Adobe Creative Cloud Across the Curriculum: A Guide for Students and Teachers

1C: How Media Work

So you have an assignment to complete, and your instructor is open and encourages you to chose any genre or format you like to get your work done.  Should you make a magazine, a film, a poster, a podcast, a website, or a mobile application?  How can you pick the best genre, format, and media approach when it’s up to you to choose?

You might decide to look for inspiration in examples of other work that seem like they might be ideal for the assignment.  Or you might approach this choice more strategically and ask:

Which genre or media format seems like a tight fit for this situation?

To figure out if a particular media is a good fit, you might browse the menu of choices at the beginning of this introductory chapter (Section 1A).  Each one of those choices is linked to a specific chapter that follows.  Each chapter explains how an individual genre/format/media “works” in greater detail, which can help you make the right choices.

In general, each media format has its own advantages and disadvantages that emerge from its fundamental nature -- it’s “DNA,” so to speak.  For example, the “DNA” of film/video is the relationship of an audio track linked with a visual track and structured along a timeline.  This linear, chronological dimension of film/video means that it is a good way to tell a story, but it might not be such a good way to convey dense, complicated information.

By comparison, the “DNA” of a book or magazine is made of printed text and still images, which can contain lots of information that is much easier than a film to browse-through forward and backward. But a conventional book or magazine is silent in its DNA, whereas a film/video allows voices and music to create a greater sense of human presence and personality, in most cases.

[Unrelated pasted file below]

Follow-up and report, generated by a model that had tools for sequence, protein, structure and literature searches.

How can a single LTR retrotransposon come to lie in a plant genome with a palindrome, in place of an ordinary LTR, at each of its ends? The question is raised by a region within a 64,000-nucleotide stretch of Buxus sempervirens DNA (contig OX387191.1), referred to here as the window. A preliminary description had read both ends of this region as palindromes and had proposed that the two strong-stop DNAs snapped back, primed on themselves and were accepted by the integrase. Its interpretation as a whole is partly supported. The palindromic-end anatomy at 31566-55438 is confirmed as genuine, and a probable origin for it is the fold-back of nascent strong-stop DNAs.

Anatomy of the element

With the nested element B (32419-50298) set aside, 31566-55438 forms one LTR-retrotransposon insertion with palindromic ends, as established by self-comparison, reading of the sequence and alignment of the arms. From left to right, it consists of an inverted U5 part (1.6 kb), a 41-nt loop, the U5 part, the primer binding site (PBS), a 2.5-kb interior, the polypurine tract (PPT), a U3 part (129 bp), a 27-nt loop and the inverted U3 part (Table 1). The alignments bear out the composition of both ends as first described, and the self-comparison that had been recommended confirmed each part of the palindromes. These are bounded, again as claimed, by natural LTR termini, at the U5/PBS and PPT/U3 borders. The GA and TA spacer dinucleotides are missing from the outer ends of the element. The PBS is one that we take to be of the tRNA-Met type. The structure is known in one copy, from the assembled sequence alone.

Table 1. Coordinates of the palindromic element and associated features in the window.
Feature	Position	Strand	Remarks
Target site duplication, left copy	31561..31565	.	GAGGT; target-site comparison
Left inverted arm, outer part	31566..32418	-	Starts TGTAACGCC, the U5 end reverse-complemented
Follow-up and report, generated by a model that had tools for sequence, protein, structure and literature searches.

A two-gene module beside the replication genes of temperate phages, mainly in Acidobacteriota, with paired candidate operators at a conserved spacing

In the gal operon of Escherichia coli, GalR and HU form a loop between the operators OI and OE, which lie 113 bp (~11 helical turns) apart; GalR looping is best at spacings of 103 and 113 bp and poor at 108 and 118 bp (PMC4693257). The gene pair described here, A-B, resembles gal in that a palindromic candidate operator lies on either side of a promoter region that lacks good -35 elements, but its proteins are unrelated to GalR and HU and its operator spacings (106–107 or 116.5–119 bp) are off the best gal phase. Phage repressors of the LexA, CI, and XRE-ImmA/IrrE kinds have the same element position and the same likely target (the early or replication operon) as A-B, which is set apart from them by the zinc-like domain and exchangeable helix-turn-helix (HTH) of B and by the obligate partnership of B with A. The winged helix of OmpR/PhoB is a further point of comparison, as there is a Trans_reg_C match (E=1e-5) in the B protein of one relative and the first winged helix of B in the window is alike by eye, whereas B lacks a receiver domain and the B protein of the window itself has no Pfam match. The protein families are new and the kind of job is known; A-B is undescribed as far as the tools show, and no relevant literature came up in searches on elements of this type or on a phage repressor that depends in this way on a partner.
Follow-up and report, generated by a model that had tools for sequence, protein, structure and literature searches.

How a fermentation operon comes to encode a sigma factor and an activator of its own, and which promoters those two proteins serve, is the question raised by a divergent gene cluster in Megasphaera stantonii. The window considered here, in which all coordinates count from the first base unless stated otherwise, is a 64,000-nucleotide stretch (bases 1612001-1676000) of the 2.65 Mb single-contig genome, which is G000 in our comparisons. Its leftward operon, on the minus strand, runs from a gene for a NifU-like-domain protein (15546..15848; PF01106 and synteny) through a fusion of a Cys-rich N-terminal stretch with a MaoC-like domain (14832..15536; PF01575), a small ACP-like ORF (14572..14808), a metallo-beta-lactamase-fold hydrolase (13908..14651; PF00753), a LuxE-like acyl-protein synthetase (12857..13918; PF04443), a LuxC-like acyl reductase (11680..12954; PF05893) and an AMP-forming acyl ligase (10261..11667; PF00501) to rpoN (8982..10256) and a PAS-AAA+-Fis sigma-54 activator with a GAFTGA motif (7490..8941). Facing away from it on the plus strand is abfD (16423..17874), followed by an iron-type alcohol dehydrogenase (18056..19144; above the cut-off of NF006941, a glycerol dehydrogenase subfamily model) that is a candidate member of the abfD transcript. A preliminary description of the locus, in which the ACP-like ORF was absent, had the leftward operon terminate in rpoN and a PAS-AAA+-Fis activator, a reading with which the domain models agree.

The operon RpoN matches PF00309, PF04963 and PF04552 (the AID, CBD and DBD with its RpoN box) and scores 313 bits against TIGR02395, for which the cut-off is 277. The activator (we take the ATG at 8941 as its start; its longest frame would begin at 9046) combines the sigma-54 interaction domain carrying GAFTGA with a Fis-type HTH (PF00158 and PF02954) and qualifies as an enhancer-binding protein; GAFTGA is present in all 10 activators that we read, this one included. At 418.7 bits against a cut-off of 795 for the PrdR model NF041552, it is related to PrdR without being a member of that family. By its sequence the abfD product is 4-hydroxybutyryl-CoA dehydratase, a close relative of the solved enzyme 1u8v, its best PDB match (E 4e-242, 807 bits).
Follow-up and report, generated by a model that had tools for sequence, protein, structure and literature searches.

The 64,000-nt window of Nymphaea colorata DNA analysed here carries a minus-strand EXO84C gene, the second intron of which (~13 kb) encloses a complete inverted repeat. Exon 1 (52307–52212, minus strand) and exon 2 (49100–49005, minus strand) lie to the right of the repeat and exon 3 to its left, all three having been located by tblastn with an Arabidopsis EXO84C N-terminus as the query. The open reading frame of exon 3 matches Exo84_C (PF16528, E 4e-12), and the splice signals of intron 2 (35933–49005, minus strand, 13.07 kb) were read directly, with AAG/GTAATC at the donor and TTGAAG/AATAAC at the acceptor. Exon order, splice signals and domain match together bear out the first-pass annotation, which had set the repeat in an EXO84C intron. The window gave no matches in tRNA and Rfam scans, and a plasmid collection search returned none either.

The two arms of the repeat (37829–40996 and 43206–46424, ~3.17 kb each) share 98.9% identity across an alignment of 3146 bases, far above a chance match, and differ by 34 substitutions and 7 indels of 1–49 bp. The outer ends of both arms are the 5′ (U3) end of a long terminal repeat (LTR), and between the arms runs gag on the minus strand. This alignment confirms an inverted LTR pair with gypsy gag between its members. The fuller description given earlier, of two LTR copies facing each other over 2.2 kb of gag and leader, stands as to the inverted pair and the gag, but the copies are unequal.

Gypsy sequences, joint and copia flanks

The “DNA” of a website allows for the collection and composition of lots of “chunks” or “nodes” of information and media.  Thus, it’s a good way to connect an array of ideas, images, and media, but it’s not as effective as a video/film for telling a coherent story in a consistent voice.

Each of the following chapters defines and explores each major media/genre/format in a way that can help you not only select the right approach in the first place, but also make wise choices for working within whatever media you chose.  Adobe Creative Cloud is designed to help you make such choices wisely and easily.  In fact, the interface (see Chapter 2) for each Adobe application is based upon the nature and the “DNA” of each media format, which means that as you are creating and producing your work in Creative Cloud, you are also developing media awareness and digital literacy.

When you create media, you come to better understand how media work.

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